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  • Josh Vaisman

Want More Well-being? Be Like Eminem

I love the movie 8 Mile. If you haven’t seen it the plot goes something like this. Young, white kid from a predominantly black part of Detroit aspires to be a big-time rapper. His mom is an angry alcoholic, dad isn’t in the picture, and the local small-time rappers keep running him off the stage at the local “Rap Battles” by poking fun of him in biting ways that strike at his ego. But he keeps at, writes his rhymes day and night, and one night in a epic string of monumental raps, he crushes the Battle and walks off into the sunset. That scene gives me goosebumps every time.

You know, this movie sounds a lot like Eminem’s actual life. How ironic given the movie’s protagonist is played by none other than Eminem.

It’s not the movie I’m here to tell about as much as the tactic Eminem’s character used to win the day. What was his tactic? Acceptance.

As researchers recently said in the Journal of Personality and Social Psychology, “When people accept (versus judge) their mental experience, those experiences run their natural…course, rather than being exacerbated.” More often than not, the natural course for negative emotions is short-lived.

When people accept (versus judge) their mental experience, those experiences run their natural…course, rather than being exacerbated.

Furthermore, those of us who can actively recognize and accept negative feelings are less likely to ruminate and enjoy a decreased propensity for experiencing “meta-emotional reactions.” You might be asking, “Josh, what in the world is a meta-emotional reaction?” It’s like what Mark Manson calls a Feeback Loop From Hell. Ever get mad at yourself for getting mad at yourself? Ever follow that up by getting mad about getting mad at yourself for getting mad at yourself? That’s a meta-emotional reaction. It could also be a scratch on your CD. Remember those??

Here’s the thing – in today’s society we are obsessed with positivity. We think the only “good life” is a life of always feeling good. This extends to the workplace in unhealthy ways. Research shows there’s a magical ratio of positive to negative experiences that drive work team performance. But here’s the interesting thing – the same research shows there is a ceiling to the ratio. Workplaces in which the ratio gets above about 12-to-1 (positive to negative experiences) see a significant reduction in team performance. Why? Because all positivity, all the time feels fake and oppressive. People begin to feel bad about feeling bad…..yup, the Feedback Loop From Hell. Besides, we actually need negative emotions - but that's a whole other blog post.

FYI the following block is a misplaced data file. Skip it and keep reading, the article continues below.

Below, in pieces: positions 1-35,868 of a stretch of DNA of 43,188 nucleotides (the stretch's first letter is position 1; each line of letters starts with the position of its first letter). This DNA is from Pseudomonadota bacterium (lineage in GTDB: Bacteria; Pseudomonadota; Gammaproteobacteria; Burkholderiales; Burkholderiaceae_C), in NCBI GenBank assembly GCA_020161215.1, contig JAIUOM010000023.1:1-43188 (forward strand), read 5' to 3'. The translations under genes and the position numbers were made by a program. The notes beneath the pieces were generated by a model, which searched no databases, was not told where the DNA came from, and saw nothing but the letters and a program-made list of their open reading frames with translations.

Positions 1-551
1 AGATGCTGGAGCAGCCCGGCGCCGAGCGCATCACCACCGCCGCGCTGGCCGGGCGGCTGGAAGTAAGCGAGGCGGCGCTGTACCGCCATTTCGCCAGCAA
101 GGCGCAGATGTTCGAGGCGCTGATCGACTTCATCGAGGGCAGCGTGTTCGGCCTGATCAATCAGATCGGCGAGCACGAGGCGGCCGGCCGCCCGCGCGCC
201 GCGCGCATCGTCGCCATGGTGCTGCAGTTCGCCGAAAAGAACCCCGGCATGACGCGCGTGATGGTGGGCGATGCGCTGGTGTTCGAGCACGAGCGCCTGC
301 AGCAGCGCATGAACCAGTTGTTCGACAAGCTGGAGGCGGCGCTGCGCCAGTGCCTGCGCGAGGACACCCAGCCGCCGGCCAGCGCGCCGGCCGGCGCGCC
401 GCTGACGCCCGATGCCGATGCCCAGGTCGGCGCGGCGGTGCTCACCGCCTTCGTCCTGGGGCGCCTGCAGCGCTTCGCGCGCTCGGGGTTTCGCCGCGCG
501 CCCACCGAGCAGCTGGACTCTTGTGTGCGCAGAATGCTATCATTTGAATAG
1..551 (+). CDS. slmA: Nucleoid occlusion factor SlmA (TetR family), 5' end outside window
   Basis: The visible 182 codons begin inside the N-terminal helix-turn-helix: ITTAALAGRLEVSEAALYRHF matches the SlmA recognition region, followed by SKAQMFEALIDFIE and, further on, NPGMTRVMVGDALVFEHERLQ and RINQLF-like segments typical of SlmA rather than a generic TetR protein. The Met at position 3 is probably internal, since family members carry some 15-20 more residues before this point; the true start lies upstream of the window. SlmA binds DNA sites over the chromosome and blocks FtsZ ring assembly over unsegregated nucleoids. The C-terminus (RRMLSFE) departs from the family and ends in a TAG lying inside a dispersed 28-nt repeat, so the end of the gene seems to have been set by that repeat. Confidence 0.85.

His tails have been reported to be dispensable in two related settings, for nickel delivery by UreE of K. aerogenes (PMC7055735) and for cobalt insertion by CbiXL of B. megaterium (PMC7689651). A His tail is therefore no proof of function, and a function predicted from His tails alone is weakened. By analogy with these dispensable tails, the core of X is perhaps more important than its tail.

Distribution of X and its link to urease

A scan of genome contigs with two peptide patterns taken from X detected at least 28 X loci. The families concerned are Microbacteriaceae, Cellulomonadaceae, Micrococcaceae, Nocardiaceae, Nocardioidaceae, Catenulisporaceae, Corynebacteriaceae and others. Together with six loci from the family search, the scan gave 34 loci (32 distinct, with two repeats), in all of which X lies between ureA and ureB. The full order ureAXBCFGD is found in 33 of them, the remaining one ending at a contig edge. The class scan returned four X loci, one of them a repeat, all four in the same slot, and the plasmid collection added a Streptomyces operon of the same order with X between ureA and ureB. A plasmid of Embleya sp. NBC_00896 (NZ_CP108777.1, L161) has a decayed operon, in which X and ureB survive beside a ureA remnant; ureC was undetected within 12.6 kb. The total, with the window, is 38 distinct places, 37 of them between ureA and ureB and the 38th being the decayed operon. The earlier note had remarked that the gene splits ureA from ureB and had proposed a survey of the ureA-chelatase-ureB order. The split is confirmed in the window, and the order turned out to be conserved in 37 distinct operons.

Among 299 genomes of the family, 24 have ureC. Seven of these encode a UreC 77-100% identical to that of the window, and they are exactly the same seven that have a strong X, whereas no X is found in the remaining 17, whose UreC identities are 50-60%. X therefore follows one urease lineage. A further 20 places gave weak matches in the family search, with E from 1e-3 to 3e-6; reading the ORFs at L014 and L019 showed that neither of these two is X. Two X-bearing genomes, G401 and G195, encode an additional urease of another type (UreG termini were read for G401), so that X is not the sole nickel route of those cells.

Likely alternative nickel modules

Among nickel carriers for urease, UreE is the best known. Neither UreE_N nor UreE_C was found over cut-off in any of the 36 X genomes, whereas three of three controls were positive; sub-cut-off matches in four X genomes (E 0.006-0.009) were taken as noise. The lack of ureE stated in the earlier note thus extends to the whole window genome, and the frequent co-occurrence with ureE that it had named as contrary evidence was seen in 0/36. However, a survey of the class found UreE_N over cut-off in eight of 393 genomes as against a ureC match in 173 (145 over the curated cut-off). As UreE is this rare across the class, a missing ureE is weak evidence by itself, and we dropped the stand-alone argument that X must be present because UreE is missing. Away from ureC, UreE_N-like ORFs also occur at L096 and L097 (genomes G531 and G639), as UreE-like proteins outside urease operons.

Workplaces in which the [positivity] ratio gets above about 12-to-1 (positive to negative experiences) see a significant reduction in team performance.

So how can we learn to better accept our negative experiences? I’ll offer two ways:

  1. Name Them: There’s power to noticing and naming our emotional experiences. It’s so simple and yet few of us do it and even fewer do it regularly. Simply saying out loud, “I’m feeling flustered” lets us take ownership of the emotion. This ownership actually softens the feeling and allows it to run its course. Encourage your employees to do this as well. You’ll be amazed at the natural empathy and desire to help that comes from team members hearing their co-workers name their emotional experience at work out loud. 9 times out of 10, when a technician stops and says, “I’m feeling flustered,” during a hectic day in the treatment room, the other techs around her will leap to her assistance. Here’s an extensive list of feelings to help you and your team expand your naming menu.

  2. Ask What Instead of Why: In her groundbreaking research on self-awareness Tasha Eurich uncovered some important revelations. One such revelation, which she discusses in her TED Talk, is that we often do introspection the wrong way. We tend to ask “why” questions such as, “Why do I feel so annoyed right now?” What we need to do is ask “what” questions such as, “What are the situations that make me feel so annoyed and what do they have in common?” You can coach your team on this tactic as well. The next time they say, “why is it always so insane on Friday afternoons,” ask them in return, “what about Friday afternoons feels so much crazier than other days? What’s different?”

So, there he was on stage, the whole room expecting him to fail, staring into the eyes of his rap opponent who clearly KNEW he had him beat, and what did he do? He named all the things they judged him for – he OWNED them. And then, in 2-minutes of cinematic power, he didn’t ask, “why are you treating me this way?” Instead he said, “here I am, this is all of me. What are you gonna do about it?”

Boom. Mic drop. I think I need to watch 8 Mile again.

What will you do accept the inevitable negatives in your personal and work life?

- written by Josh Vaisman